Letters to the Editor

    Renewable Energy and Electricity Updated August There is widespread popular support for using renewable energy, particularly solar and wind energy, which provide electricity without giving rise to any carbon dioxide emissions.

    Harnessing these for electricity depends on the cost and efficiency of the technology, which is constantly improving, thus reducing costs per peak kilowatt, and per kWh at the source. Utilising electricity from solar and wind in a grid becomes problematical at high levels for complex but now well-demonstrated reasons. Supply does not correspond with demand. Back-up generating capacity is required due to the intermittent nature of solar and wind.

    System costs escalate with increasing proportion of variable renewables. Policy settings to support renewables are generally required to confer priority in grid systems and also subsidise them, and some 50 countries have these provisions. Utilising solar and wind-generated electricity in a stand-alone system requires corresponding battery or other storage capacity. The possibility of large-scale use of hydrogen in the future as a transport fuel increases the potential for both renewables directly and base-load electricity supply off-peak.

    Technology to utilize the forces of nature for doing work to supply human needs is as old as the first sailing ship. But attention swung away from renewable sources as the industrial revolution progressed on the basis of the concentrated energy locked up in fossil fuels. This was compounded by the increasing use of reticulated electricity based on fossil fuels and the importance of portable high-density energy sources for transport — the era of oil.

    As electricity demand escalated, with supply depending largely on fossil fuels plus some hydro power and then nuclear energy, concerns arose about carbon dioxide CO2 emissions contributing to possible global warming. Attention again turned to the huge sources of energy surging around us in nature — sun, wind, and seas in particular. There was never any doubt about the magnitude of these, the challenge was always in harnessing them so as to meet demand for reliable and affordable electricity.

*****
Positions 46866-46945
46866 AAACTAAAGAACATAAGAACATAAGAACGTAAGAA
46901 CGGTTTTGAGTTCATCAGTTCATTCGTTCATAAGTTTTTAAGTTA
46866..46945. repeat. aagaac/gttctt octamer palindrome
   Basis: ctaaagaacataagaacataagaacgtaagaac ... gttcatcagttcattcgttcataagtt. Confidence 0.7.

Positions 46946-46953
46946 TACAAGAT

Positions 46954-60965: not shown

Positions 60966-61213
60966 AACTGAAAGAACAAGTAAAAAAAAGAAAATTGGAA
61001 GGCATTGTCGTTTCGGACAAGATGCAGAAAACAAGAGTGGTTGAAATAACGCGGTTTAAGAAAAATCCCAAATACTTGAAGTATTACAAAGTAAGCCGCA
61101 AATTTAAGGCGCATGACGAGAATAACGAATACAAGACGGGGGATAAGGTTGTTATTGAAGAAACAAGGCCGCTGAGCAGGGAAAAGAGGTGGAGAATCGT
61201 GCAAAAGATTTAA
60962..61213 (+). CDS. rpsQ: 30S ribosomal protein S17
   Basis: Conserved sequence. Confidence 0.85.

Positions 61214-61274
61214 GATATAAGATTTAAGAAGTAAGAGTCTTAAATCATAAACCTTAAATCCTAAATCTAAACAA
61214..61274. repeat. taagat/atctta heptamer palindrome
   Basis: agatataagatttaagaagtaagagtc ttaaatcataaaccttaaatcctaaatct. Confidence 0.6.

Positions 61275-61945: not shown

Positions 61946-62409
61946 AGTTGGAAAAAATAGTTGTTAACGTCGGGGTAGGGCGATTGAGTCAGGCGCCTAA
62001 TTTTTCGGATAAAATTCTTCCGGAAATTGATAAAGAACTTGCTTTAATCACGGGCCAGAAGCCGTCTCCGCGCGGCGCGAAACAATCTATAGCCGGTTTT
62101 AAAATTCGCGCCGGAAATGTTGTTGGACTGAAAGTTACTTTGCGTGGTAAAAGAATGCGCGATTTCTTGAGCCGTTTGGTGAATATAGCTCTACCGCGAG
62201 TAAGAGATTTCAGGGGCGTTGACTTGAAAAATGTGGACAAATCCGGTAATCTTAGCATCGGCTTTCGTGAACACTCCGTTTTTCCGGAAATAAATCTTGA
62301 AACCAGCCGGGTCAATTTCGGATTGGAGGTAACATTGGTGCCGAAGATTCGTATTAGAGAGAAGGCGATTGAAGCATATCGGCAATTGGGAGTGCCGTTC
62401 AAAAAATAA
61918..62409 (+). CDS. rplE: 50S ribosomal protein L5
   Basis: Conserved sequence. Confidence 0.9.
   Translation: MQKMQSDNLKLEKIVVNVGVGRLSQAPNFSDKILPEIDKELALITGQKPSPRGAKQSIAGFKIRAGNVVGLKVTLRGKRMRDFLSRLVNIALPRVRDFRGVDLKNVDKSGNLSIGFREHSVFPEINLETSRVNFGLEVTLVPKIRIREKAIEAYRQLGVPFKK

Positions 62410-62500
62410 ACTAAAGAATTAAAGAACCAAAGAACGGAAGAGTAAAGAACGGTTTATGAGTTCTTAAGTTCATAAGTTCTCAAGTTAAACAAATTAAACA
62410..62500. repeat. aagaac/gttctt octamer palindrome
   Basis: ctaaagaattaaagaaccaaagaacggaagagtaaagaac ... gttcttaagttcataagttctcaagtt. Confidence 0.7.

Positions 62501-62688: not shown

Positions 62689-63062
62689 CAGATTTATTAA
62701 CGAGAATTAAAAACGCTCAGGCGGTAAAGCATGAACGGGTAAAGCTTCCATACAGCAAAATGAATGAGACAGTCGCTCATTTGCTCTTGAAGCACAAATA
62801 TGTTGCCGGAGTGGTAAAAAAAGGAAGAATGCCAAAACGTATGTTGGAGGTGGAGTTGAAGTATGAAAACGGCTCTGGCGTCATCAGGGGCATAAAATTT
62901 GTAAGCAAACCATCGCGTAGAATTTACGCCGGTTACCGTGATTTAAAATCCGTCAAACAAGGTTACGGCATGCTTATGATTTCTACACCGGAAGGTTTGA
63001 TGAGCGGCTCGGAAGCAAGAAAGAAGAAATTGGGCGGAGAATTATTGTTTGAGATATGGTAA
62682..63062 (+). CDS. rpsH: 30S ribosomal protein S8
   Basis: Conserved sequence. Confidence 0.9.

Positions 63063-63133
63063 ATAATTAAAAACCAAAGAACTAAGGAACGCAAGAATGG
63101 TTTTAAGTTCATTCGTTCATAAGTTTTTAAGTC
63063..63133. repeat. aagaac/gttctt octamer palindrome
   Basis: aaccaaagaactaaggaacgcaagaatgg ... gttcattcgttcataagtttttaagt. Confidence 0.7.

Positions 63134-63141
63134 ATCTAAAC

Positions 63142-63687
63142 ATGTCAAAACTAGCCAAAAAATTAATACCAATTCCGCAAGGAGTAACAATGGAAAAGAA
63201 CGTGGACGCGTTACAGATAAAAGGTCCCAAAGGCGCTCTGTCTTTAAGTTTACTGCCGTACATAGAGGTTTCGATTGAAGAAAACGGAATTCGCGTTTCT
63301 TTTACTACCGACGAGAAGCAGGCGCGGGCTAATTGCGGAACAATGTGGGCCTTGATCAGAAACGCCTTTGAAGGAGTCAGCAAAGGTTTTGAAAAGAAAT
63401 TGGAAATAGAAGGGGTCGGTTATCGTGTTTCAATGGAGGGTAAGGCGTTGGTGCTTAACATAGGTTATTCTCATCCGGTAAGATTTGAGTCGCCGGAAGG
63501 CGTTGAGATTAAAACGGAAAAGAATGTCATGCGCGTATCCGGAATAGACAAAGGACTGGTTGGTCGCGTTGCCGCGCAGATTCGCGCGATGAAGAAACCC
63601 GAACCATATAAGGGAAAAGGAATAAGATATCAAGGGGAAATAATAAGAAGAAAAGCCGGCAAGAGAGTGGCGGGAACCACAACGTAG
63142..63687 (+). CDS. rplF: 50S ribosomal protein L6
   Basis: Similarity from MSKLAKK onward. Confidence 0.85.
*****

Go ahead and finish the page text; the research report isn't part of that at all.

Today many countries are well advanced in meeting that challenge, while also testing the practical limits of doing so from wind and solar variable renewable energy, VRE. The relatively dilute nature of wind and solar mean that harnessing them is very materials-intensive — many times that from energy-dense sources.

    Wind turbines have developed greatly in recent decades, solar photovoltaic technology is much more efficient, and there are improved prospects of harnessing the energy in tides and waves. Solar thermal technologies in particular with some heat storage have great potential in sunny climates. With government encouragement to utilize wind and solar technologies, their costs have come down and are now in the same league per kilowatt-hour dispatched from the plant as the costs of fossil fuel technologies, especially where there are carbon emissions charges on electricity generation from them.